Tiger fires back at Haney over claims he considered quitting golf to become Navy SEAL
The first excerpt from an eagerly awaited new book on Tiger Woods provoked fury in the golfer's camp.
But the snippet in former coach Hank Haney's memoir that sparked the trouble wasn't about Woods' womanising but the claim that Tiger, at the height of his powers, supposedly considered relinquishing his pursuit of Jack Nicklaus's majors record in order to become a Navy SEAL.
Woods' manager Mark Steinberg called it 'disrespectful' and 'ridiculous', and the former world No 1 had a feisty exchange with one reporter who had the temerity to ask questions about the book during a press conference for the Honda Classic, which begins in Florida on Thursday.
On the course: Tiger Woods at PGA National on Wednesday ahead of the Honda Classic
Steinberg issued a statement saying:
'Haney's armchair psychology about Tiger, on matters he admits they
didn't even discuss, is ridiculous. Because of his father, it's no
secret that Tiger has always had high respect for the military, so for
Haney to twist that into something negative is disrespectful.'
Yet, Steinberg's outrage is undermined by his client's past comments.
Haney wrote: 'When he talked about
it, it was clear he had a plan. I thought, wow, here is Tiger Woods,
greatest athlete on the planet, maybe the greatest athlete of all time,
basically ready to leave it all behind for a military life.'
Is this really that different from
the press conference thoughts of Woods two years ago, when he spoke of
the time he had spent on special ops training
Military man: Former world No 1 Woods in 2004 arriving at a golf clinic in Fort Bragg on a humvee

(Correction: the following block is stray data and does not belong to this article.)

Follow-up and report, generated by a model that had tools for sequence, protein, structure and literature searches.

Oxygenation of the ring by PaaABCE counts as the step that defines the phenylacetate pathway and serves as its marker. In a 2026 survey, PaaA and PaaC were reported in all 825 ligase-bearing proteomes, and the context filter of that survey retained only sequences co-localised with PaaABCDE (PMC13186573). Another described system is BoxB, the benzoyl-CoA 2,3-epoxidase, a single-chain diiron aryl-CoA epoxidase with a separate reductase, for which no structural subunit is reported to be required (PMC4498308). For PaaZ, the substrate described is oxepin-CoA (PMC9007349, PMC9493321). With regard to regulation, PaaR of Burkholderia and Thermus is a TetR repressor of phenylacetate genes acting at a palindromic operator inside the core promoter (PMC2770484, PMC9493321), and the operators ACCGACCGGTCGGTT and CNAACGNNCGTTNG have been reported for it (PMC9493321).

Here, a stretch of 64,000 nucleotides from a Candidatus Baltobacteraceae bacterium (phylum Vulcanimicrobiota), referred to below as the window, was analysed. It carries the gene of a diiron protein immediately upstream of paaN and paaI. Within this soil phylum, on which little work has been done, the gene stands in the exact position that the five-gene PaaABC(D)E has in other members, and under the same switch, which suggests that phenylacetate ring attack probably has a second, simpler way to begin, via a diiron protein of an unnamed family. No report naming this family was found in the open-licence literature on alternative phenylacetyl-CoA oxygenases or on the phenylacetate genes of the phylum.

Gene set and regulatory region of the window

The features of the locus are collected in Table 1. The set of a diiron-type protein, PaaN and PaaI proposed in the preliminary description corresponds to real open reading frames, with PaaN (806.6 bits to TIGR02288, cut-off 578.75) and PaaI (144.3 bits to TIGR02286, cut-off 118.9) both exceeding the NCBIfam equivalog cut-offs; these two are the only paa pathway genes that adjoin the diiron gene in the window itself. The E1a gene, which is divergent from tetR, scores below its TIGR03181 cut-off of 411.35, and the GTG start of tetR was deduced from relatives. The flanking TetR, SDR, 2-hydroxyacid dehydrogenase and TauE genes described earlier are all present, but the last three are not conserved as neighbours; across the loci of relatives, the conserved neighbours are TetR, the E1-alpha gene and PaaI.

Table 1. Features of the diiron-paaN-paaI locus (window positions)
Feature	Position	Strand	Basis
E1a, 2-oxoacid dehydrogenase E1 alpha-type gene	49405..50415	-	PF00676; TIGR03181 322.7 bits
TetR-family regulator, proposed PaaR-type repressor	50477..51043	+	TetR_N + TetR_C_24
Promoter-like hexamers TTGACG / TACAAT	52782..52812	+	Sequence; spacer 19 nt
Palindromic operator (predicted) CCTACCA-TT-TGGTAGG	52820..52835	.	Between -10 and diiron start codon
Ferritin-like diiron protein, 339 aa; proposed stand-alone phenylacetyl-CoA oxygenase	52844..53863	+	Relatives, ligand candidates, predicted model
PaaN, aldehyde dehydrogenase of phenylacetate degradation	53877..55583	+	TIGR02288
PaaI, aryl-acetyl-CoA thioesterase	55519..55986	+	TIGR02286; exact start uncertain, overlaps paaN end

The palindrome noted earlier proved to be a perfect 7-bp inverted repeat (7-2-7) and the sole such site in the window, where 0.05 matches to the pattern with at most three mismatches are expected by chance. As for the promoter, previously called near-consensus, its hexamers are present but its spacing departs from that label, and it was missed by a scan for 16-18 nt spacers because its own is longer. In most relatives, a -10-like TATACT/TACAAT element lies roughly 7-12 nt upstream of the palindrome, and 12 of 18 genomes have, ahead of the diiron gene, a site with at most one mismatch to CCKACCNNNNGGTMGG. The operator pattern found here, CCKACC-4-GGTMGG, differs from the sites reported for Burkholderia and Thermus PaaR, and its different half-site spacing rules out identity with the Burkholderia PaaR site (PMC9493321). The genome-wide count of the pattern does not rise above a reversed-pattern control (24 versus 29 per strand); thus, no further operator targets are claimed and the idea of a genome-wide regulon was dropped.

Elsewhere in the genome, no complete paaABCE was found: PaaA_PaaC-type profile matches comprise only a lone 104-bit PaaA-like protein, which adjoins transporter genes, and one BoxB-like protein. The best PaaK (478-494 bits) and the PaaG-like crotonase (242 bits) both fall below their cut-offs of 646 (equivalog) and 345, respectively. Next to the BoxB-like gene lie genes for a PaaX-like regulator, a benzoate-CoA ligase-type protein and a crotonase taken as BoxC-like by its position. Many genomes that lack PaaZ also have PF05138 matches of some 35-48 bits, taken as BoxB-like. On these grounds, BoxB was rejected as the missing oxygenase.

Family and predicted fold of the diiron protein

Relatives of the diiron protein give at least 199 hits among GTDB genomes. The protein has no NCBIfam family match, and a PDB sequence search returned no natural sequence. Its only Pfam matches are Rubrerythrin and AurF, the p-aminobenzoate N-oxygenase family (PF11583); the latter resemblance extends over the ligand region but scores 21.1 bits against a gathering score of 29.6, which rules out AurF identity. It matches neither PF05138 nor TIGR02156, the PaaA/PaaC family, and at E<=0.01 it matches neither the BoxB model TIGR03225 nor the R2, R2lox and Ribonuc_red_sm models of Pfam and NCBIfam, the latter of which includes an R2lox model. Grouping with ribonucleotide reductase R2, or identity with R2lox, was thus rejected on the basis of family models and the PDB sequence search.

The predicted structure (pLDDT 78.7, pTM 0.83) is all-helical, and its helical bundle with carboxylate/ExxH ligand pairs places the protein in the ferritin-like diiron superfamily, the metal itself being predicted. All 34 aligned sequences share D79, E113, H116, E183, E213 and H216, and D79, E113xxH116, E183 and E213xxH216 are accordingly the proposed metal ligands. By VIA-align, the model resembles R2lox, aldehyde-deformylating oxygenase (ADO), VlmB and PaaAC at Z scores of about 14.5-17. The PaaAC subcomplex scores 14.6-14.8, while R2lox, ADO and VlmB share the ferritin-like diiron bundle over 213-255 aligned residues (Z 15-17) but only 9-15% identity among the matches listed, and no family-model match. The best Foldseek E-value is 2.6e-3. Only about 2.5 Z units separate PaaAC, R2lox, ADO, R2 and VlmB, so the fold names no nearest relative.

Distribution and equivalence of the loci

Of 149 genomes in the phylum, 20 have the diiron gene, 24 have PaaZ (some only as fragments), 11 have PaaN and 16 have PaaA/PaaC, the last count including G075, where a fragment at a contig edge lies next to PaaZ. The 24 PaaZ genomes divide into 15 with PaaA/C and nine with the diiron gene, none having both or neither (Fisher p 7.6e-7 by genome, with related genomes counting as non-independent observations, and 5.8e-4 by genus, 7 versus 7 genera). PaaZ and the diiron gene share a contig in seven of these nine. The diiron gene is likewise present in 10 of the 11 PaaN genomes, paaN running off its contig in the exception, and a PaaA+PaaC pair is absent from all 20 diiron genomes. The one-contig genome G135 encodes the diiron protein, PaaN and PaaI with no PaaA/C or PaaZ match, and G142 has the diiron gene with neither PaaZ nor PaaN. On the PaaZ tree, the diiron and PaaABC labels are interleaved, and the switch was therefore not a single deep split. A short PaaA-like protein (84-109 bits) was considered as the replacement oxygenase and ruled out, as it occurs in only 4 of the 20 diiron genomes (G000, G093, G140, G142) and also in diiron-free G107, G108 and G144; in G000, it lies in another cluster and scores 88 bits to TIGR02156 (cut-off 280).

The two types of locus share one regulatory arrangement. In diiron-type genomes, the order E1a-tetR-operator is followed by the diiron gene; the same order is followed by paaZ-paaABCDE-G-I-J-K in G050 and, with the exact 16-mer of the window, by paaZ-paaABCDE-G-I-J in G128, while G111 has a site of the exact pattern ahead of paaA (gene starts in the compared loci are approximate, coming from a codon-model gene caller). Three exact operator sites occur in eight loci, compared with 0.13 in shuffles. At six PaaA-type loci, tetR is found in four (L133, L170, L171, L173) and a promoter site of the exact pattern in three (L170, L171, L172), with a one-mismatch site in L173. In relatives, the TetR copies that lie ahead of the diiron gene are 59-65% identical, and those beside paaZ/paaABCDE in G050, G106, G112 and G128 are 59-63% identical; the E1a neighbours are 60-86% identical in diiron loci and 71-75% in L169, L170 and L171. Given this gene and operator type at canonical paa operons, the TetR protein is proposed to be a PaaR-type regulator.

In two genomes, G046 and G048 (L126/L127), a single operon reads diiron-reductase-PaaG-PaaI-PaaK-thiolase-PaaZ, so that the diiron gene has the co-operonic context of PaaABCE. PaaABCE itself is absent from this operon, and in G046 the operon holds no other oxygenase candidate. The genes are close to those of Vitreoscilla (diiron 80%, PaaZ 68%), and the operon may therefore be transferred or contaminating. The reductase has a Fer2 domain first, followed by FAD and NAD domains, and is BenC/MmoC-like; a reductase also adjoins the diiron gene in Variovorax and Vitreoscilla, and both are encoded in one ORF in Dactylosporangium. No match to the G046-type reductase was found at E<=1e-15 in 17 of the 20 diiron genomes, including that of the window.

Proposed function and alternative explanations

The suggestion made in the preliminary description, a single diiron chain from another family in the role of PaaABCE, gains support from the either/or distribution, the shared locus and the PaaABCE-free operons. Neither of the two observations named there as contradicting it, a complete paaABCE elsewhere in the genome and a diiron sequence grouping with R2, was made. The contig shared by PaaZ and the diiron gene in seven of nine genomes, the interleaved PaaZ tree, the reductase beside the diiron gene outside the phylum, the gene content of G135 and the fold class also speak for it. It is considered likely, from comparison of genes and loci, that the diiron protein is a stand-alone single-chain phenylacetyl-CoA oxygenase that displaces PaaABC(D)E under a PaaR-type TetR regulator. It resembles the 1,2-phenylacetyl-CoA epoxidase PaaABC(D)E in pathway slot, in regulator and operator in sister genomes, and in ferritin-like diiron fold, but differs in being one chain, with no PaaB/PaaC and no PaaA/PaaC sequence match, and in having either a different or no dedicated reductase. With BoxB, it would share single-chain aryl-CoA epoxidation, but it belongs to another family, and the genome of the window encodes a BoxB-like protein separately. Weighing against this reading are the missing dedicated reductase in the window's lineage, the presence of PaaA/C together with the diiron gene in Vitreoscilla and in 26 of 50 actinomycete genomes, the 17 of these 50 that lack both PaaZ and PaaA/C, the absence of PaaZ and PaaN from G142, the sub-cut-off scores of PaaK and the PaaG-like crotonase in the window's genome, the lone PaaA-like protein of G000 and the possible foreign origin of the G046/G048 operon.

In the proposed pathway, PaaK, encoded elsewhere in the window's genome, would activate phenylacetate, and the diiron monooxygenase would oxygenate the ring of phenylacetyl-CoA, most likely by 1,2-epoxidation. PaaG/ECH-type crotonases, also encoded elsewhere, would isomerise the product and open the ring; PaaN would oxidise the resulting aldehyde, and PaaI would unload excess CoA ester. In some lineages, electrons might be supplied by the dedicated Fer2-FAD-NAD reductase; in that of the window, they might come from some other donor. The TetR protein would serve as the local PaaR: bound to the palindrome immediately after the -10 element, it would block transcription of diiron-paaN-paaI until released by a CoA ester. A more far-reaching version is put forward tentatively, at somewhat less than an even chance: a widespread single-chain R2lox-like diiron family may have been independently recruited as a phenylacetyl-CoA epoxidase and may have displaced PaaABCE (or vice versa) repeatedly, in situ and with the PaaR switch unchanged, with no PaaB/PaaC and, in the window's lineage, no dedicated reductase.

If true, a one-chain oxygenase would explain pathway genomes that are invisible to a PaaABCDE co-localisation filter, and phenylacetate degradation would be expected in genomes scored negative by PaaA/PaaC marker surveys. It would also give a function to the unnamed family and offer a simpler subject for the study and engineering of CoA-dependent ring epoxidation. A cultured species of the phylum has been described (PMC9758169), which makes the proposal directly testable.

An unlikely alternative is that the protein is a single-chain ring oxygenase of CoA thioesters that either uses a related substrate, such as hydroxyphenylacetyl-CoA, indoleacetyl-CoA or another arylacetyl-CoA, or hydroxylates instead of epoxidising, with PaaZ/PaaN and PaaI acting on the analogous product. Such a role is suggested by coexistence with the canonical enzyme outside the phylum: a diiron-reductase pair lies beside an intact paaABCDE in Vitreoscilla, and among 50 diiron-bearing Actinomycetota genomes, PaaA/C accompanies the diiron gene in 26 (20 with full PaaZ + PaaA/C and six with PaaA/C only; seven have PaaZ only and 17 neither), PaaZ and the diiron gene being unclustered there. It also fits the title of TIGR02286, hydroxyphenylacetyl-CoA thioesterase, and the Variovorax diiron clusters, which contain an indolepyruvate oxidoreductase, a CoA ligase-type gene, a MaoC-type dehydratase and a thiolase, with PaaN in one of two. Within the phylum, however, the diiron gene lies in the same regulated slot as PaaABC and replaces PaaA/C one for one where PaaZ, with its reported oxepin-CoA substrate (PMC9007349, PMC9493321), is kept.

'I've always wanted to be a SEAL,'
said Tiger, back then. 'That's something I told my dad from the get-go.
Either I'm going to become a professional golfer or I'm going to become a
Navy SEAL. A lot of my friends are special ops operators.'
Perhaps a more interesting revelation
is when Haney is playing the role of psychologist – as Steinberg knows
full well, it is part of the role of any good coach – and throwing cold
water on Woods' reputation at the time for being fearless.
'The more I observed him the more it
became clear that he wasn't,' writes Haney. 'Sometimes, to make it less
of a big deal, he would remind himself that he had never considered
himself a particularly good driver. “That's why my name is Woods,” he
would joke. “Maybe it would have been different if my name had been
Career change: Woods was ready to leave golf for the Navy SEALS, according to former coach Haney (right)
Haney also reveals the pressure Woods feels in trying to catch Nicklaus's all-time record of 18 majors (he currently has 14).
'He never mentioned Jack's record but
it was clear it weighed heavily with every major,' reckons Haney. 'And
Tiger's actions indicated he had less time to do it than everyone
There was one final blast from Steinberg.
'The disruptive timing of this book
shows that Haney's self-promotion is more important to him than any
other person or tournament,' he said.
'What's been written violates the
trust between a coach and player and someone also once considered a
friend.' Haney's book, The Big Miss, is released on March 27 – eight
days before the start of the Masters.
In action: Tiger Woods hits from the sand during a pro-am before the Honda Classic on Wednesday